Hymn in Honour of Saints Cyril and Methodius
The Hymn in Honour of Saints Cyril and Methodius (Гимн в честь святых Кирилла и Мефодия), for unaccompanied mixed voices (TH 79 ; ČW 69), was written by Tchaikovsky in March 1885, as part of commemorations of the 1000th anniversary of the death of Saint Methodius.
Scored for mixed chorus (SATB).
Movements and Duration
There is one movement: Moderato (F major, 32 bars), lasting around 2 minutes in performance.
The text was translated by Tchaikovsky from a traditional Czech hymn.
In December 1884, the Slavonic Society approached Tchaikovsky with a commission for him to write something for the one thousandth anniversary of the death of Saint Methodius. On 16/28 February 1885, the composer received a similar request from Pyotr Jurgenson: "... to write in honour of Saint Cyril and Saint Methodius a hymn for four voices, and also suitable for one voice . In his letter of reply the composer wrote: "I received your note yesterday. What hymn? Why? Who needs it? Why the hell?, etc. I've already been pestered to write something for a gala concert by some Slavonic Society or other. I refused. And now you!... Anyway, on Thursday I'll be in Moscow and will speak with you then" . During his visit to Moscow from 21 February/5 March to 25 February/9 March, Tchaikovsky acceded to Jurgenson's request.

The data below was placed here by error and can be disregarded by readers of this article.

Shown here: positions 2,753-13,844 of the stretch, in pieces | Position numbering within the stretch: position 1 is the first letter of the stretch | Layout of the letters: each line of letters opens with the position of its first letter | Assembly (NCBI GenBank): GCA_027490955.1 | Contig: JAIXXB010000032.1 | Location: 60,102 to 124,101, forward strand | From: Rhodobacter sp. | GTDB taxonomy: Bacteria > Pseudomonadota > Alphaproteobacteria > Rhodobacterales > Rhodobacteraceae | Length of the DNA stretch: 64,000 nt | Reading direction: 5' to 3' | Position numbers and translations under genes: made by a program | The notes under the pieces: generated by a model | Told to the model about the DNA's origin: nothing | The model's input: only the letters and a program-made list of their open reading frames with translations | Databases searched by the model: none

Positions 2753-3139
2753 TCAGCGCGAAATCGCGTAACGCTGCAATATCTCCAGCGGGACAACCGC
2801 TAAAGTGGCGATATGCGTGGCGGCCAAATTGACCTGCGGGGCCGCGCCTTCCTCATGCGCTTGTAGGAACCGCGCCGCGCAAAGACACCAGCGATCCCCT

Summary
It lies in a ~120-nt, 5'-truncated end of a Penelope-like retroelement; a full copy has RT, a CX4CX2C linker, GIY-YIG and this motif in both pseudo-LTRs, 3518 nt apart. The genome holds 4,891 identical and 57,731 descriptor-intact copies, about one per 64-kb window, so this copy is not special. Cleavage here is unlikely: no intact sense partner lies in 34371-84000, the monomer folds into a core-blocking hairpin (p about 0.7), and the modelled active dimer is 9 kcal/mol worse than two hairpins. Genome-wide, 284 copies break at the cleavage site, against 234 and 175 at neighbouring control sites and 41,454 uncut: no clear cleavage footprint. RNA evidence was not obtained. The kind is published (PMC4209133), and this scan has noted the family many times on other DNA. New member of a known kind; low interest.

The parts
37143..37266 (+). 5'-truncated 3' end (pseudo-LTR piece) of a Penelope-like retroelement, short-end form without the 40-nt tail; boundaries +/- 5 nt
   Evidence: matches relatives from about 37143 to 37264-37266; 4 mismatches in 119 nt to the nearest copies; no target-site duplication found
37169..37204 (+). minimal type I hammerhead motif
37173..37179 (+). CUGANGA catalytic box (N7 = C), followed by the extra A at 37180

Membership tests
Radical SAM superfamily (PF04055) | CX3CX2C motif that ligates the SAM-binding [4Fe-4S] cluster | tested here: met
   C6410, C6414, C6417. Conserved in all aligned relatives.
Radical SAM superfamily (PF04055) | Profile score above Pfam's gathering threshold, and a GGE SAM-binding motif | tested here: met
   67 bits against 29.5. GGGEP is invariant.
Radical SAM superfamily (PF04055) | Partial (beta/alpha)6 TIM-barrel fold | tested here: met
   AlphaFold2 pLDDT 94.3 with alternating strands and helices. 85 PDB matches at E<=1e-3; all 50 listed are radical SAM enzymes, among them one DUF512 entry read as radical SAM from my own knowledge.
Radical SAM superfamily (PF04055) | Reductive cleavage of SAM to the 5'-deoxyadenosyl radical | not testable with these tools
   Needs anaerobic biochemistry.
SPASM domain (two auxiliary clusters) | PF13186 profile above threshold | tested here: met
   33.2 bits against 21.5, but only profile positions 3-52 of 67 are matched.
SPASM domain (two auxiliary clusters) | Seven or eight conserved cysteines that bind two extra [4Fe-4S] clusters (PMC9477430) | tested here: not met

On 6/18 March, Pyotr Jurgenson sent the composer a Russian translation of the Czech text of the hymn, asking that he should shorten and revise the Russian text . Tchaikovsky immediately completed this task, and on 8/20 March he sent the hymn to Jurgenson, complaining that he had been "tormented for 6 hours by this doggerel..." .
According to Tchaikovsky's note on the score, the main theme of the chorus was based on an old Slavic melody.
The first performance was given by a student choir at the Moscow Conservatory on 6/18 April 1885.
Jurgenson issued the choral score and parts in March 1885.
The hymn was included in volume 63 of Tchaikovsky's Complete Collected Works (1990), edited by Lyudmila Korabelnikova and Marina Rakhmanova.
The whereabouts of Tchaikovsky's manuscript score are unknown.